As climate change puts more cities and communities at risk of flooding, wildfire, super storms, drought, and other cataclysmic natural events, which areas will be hardest hit, and who foots the bill?
From coast to coast, U.S. cities are being brutalized by climate change. As the toll of destruction escalates, lives are torn apart and costs skyrocket.
The National Oceanic and Atmospheric Administration (NOAA) estimates that the total amount of damages from natural disasters in 2017 topped $300 billion in the U.S. alone. Moody’s Analytics predicts that the damage inflicted by climate change on the global economy could explode to a crippling $69 trillion by the end of this century.
“Climate change is not a cliff event,” says Mark Zandi, Moody’s chief economist. “It’s more like a corrosive—one that is getting weightier with each passing year.”
Community members across the nation are being forced to make difficult choices about whether or not to rebuild after the assault of a flood, fire, or storm. Many of them opt to rebuild, resolute in their decision to not abandon the places where they grew up and raised families—the places they love the most.
But how many catastrophic events does it take to compel a community to reach the heartbreaking verdict that remaining in place is no longer worth the suffering that comes with each ensuing natural disaster? Where is the breaking point?
It’s sobering to recognize that, at some point, this profound decision may be taken out of the hands of community members, as local, state, and even federal governments intervene to prevent rebuilding in disaster zones.
While the staggering level of post-disaster human anguish is not qualifiable, the financial costs are certainly calculable. NOAA estimates that the U.S. has incurred over $1.6 trillion in losses from natural disasters since 1980.
With the increasing intensity and frequency of climate change related events, policymakers are feeling an express urgency to corral costs. Some advocate for investing in mitigation to reduce the risk of losses before disasters occur, with the goal of decreasing response and recovery costs. A solid strategy, as research shows that $1 investment in mitigation saves approximately $6 in recovery costs.
While the most commonly employed mitigation activities include reinforcing buildings and strengthening infrastructure, we’re starting to see government agencies purchase disaster-prone properties in an attempt to relocate occupants to safer areas in order to end the repeating cycle.
But, as regulators dive deeper into setting policy for climate change and disaster related events, the slope may become increasingly slippery.
The level of federal mitigation aid already varies greatly across states: between 2007 and 2016, state-allocated federal funding ranged from $7 million (Wyoming) to $1.4 billion (New York). Clearly, while the type, frequency, and severity of natural disasters impacts the level of federal funding that each state receives, funding decisions may become increasingly politicized. For example, a state will receive more funding if the President declares a post-disaster emergency, and we’re already witnessing the fact that certain federal programs receive preference (meaning, more resources) based on specific political agendas.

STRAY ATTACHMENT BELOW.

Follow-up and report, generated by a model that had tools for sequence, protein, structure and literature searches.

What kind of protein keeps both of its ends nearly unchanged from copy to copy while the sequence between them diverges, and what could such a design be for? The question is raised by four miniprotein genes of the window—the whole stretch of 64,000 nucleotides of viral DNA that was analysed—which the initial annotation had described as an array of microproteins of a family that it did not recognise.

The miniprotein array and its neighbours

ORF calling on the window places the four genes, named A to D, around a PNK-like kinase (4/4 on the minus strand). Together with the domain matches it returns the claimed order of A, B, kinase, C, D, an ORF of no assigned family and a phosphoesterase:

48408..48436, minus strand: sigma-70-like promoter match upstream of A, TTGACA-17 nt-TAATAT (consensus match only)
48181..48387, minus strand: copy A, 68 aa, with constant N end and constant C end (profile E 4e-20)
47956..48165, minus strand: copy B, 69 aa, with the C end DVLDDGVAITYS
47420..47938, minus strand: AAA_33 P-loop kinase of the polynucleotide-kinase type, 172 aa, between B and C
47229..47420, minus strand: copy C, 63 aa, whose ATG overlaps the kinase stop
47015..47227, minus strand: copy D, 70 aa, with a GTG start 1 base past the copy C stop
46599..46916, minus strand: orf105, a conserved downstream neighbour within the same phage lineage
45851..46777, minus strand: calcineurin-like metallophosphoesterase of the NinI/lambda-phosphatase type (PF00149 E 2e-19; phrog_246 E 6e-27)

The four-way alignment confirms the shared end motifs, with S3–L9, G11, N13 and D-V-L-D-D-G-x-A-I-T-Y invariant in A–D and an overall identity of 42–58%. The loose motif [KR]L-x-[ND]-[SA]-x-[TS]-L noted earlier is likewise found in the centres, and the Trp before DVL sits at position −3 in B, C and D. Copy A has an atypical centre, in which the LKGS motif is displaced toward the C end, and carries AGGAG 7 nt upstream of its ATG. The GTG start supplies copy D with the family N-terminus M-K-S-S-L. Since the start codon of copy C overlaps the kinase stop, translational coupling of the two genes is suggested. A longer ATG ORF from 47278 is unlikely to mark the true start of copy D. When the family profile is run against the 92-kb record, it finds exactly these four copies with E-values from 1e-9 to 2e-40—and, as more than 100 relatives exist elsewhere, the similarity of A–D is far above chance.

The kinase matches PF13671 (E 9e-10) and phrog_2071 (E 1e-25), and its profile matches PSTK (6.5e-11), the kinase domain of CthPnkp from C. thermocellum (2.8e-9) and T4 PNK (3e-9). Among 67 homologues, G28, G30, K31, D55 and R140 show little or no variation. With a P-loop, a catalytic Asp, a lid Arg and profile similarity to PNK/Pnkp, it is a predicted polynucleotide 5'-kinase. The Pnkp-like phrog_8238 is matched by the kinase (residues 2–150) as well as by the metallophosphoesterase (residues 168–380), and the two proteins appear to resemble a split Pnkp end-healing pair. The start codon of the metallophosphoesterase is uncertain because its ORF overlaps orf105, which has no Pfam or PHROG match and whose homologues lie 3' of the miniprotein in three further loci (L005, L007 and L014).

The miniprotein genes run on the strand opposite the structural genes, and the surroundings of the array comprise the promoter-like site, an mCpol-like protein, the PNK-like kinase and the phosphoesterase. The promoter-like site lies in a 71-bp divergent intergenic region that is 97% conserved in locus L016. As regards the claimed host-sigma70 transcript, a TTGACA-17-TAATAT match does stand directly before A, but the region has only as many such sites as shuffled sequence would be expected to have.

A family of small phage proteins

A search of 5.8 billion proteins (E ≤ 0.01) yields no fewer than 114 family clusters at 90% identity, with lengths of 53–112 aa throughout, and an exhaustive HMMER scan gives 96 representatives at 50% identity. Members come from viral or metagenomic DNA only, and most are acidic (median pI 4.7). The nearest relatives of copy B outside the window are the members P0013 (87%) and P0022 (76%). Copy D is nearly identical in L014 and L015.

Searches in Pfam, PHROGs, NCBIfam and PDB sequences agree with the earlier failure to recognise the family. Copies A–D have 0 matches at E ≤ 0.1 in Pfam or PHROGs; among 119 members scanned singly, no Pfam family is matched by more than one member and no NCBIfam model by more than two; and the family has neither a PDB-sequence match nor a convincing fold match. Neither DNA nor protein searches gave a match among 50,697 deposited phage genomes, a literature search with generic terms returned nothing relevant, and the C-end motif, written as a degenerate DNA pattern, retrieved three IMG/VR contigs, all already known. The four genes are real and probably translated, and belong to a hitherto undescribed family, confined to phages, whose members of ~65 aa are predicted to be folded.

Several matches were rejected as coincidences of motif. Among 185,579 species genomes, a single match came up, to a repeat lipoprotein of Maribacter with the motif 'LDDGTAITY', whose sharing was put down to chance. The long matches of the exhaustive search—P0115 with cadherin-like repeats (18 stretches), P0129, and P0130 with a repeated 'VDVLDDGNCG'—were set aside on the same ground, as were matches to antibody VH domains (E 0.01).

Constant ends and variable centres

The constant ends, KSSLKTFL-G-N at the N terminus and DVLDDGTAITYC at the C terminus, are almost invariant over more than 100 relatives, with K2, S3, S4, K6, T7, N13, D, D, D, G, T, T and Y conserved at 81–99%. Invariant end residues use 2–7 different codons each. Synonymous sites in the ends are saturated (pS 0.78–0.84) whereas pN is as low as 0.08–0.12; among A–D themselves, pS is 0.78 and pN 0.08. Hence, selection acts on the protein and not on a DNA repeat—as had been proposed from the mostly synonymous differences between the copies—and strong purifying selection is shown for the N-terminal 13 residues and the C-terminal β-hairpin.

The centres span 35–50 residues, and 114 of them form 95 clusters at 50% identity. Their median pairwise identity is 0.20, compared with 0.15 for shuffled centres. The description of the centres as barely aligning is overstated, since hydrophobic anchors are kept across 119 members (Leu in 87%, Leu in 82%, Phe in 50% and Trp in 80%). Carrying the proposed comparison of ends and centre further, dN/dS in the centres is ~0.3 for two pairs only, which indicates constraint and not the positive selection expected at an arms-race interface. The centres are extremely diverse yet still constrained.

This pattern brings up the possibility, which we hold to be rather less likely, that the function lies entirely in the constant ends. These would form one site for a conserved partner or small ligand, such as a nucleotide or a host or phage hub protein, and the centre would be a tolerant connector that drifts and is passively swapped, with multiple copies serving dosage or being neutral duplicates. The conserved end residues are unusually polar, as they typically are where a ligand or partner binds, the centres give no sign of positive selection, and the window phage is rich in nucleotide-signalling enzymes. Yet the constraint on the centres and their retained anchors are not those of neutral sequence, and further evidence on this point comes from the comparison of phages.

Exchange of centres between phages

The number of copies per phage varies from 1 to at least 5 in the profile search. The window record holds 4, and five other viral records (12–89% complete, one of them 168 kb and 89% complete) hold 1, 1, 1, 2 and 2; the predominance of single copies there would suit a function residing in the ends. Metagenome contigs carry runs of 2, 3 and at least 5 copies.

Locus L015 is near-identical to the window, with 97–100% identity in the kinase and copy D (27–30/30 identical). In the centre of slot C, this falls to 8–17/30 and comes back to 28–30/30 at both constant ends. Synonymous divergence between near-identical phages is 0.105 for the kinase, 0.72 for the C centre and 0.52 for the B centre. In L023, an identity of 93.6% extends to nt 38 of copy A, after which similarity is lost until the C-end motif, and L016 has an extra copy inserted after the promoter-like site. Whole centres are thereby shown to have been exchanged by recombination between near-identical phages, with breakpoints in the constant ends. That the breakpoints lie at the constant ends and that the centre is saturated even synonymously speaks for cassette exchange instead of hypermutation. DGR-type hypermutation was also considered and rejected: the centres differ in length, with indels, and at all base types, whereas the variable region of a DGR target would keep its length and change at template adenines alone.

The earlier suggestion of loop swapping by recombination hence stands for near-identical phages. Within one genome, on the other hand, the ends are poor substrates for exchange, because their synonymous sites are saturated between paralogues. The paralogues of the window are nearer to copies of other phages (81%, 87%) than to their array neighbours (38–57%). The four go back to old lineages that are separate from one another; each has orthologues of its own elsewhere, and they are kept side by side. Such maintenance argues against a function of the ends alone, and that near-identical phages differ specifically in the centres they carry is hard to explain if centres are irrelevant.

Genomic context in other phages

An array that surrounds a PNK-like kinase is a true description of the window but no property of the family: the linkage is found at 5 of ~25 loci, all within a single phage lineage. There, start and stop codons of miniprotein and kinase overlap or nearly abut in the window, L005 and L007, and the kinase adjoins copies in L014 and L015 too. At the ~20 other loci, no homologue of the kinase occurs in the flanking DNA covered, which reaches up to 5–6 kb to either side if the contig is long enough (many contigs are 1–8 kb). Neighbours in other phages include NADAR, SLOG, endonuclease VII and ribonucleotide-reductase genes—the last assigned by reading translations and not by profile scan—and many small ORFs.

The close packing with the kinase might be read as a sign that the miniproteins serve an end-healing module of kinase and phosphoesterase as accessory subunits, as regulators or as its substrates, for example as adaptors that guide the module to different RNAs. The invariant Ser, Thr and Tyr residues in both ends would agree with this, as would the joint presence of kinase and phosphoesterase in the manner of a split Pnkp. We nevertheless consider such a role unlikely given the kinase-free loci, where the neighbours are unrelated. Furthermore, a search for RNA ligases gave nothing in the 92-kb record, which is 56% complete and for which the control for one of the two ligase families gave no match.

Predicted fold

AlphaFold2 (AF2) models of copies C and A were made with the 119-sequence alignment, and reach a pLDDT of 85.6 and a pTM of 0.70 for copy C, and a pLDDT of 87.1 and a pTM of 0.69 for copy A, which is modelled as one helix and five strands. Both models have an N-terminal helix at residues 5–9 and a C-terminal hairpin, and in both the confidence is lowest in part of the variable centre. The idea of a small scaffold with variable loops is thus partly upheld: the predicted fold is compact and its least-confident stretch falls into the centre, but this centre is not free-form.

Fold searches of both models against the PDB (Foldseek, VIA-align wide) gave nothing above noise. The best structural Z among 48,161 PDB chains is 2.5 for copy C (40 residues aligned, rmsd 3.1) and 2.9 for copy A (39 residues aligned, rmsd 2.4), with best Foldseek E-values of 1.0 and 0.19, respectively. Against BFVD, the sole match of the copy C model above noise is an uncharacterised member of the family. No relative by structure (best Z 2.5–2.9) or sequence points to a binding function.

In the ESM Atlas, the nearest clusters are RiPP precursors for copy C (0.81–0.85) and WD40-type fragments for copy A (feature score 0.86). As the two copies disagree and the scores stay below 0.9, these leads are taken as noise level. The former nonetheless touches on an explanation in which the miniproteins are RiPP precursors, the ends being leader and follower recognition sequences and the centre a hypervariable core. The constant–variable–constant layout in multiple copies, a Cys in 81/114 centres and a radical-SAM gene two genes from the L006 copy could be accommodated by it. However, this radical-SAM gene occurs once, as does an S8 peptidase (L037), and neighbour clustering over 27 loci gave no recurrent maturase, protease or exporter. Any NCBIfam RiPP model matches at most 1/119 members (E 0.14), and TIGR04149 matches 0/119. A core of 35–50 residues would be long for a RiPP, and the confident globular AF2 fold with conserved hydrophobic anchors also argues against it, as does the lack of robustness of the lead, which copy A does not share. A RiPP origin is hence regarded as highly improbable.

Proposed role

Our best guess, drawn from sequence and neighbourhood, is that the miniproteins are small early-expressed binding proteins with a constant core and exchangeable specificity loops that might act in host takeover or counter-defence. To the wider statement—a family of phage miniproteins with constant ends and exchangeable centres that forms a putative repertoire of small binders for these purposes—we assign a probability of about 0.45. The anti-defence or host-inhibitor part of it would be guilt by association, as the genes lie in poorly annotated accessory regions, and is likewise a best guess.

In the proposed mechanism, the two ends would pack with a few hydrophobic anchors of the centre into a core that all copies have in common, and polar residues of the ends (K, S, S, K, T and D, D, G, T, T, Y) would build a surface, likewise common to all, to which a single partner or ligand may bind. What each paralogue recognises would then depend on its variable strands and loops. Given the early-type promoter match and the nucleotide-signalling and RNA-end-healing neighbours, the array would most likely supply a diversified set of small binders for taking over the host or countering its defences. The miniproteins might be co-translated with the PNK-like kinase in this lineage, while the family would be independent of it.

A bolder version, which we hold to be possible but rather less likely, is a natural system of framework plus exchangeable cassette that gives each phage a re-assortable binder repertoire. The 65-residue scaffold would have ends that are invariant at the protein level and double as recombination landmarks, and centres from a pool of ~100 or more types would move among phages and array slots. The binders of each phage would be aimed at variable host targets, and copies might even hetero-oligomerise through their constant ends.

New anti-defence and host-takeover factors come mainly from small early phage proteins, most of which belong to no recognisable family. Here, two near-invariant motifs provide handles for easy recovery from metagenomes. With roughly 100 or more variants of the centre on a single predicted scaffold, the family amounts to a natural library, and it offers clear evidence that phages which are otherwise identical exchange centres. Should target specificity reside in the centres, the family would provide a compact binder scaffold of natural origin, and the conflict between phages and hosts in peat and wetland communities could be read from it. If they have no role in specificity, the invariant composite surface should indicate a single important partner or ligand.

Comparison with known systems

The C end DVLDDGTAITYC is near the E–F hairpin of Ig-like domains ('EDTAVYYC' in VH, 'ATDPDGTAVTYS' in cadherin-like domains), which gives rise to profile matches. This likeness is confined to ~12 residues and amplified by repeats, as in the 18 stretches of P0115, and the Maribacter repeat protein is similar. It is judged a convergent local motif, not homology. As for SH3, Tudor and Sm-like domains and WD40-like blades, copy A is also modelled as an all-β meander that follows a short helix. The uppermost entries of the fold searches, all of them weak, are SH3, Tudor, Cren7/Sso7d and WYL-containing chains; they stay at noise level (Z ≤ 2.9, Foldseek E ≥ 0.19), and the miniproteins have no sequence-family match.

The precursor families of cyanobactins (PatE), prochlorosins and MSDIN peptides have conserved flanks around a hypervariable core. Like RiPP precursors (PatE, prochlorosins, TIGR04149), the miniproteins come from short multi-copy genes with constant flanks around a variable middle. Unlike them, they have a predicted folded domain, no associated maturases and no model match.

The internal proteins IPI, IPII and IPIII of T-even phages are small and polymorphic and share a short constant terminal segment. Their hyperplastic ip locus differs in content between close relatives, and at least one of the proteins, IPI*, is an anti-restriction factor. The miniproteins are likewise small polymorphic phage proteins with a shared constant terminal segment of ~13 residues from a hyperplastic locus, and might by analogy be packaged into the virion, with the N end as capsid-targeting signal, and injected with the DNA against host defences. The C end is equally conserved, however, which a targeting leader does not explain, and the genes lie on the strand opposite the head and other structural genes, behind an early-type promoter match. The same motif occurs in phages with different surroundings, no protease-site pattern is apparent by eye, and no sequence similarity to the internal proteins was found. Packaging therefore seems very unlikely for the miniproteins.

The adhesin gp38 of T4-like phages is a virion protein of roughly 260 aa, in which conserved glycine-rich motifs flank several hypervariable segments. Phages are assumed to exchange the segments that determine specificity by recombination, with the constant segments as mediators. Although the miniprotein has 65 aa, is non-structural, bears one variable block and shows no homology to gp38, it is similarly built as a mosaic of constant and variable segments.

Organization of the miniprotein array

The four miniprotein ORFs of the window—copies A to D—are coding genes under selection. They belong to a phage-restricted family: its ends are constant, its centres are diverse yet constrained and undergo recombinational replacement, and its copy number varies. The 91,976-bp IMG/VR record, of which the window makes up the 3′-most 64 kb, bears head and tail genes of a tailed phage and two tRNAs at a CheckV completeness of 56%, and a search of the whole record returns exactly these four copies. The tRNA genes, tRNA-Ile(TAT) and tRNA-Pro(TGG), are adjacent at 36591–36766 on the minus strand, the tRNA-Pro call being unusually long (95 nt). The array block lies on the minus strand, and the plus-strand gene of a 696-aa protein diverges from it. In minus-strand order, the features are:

Which brings us to the inevitable question: if there isn’t enough money to protect and rebuild every community impacted by climate change, which ones get salvaged and which are abandoned? Who makes the ultimate decisions, and how will those decisions be made?
According to journalist Chris Flavelle, “After three years of brutal flooding and hurricanes in the United States, there is growing consensus among policymakers and scientists that coastal areas will require significant spending to ride out future storms and rising sea levels — not in decades, but now and in the very near future. There is also a growing realization that some communities, even sizable ones, will be left behind.”
Flavelle points out that policymakers are starting to decipher between “winners and losers in the race to adapt to climate change.” He asserts that, “The cities that are quick to adapt to climate risks are going to attract the jobs and the factories of the future,” and those that drag their feet will be left behind.
Flavelle further insists that “Many cities, especially small ones, will not be able to meet the costs facing them.” But relying on federal funding is becoming increasingly precarious as the availability of capital falls short of the vast actual need.
Craig Fugate, Director of FEMA during the Obama administration, predicts that the federal government will begin making spending decisions based on where that investment will have the greatest impact on reducing the future cost of damages. Or, in Fugate’s words, policymakers will start asking, “how much risk avoidance do I get for every dollar I invest?”
In reality, this decision-making approach will inevitably result in lopsided spending. Which begs another set of questions: will Congress implement processes that allocate funds in an equitable and balanced way? Will they consider social justice and environmental issues, or will they focus myopically on an area’s property values, economic contribution, and political influence?
The floodgate is about to open, bringing with it a surge of unavoidable questions—and uncomfortable decisions. In the end, which communities are valuable enough to protect?
Interested in learning more about the nexus between sustainability, social equity, and financial prosperity? Join us at the Sustainability Symposium 2020: Improving the Human Condition on January 20, 2020 in Las Vegas. Click here for more information—we’ll let you know when registration opens!
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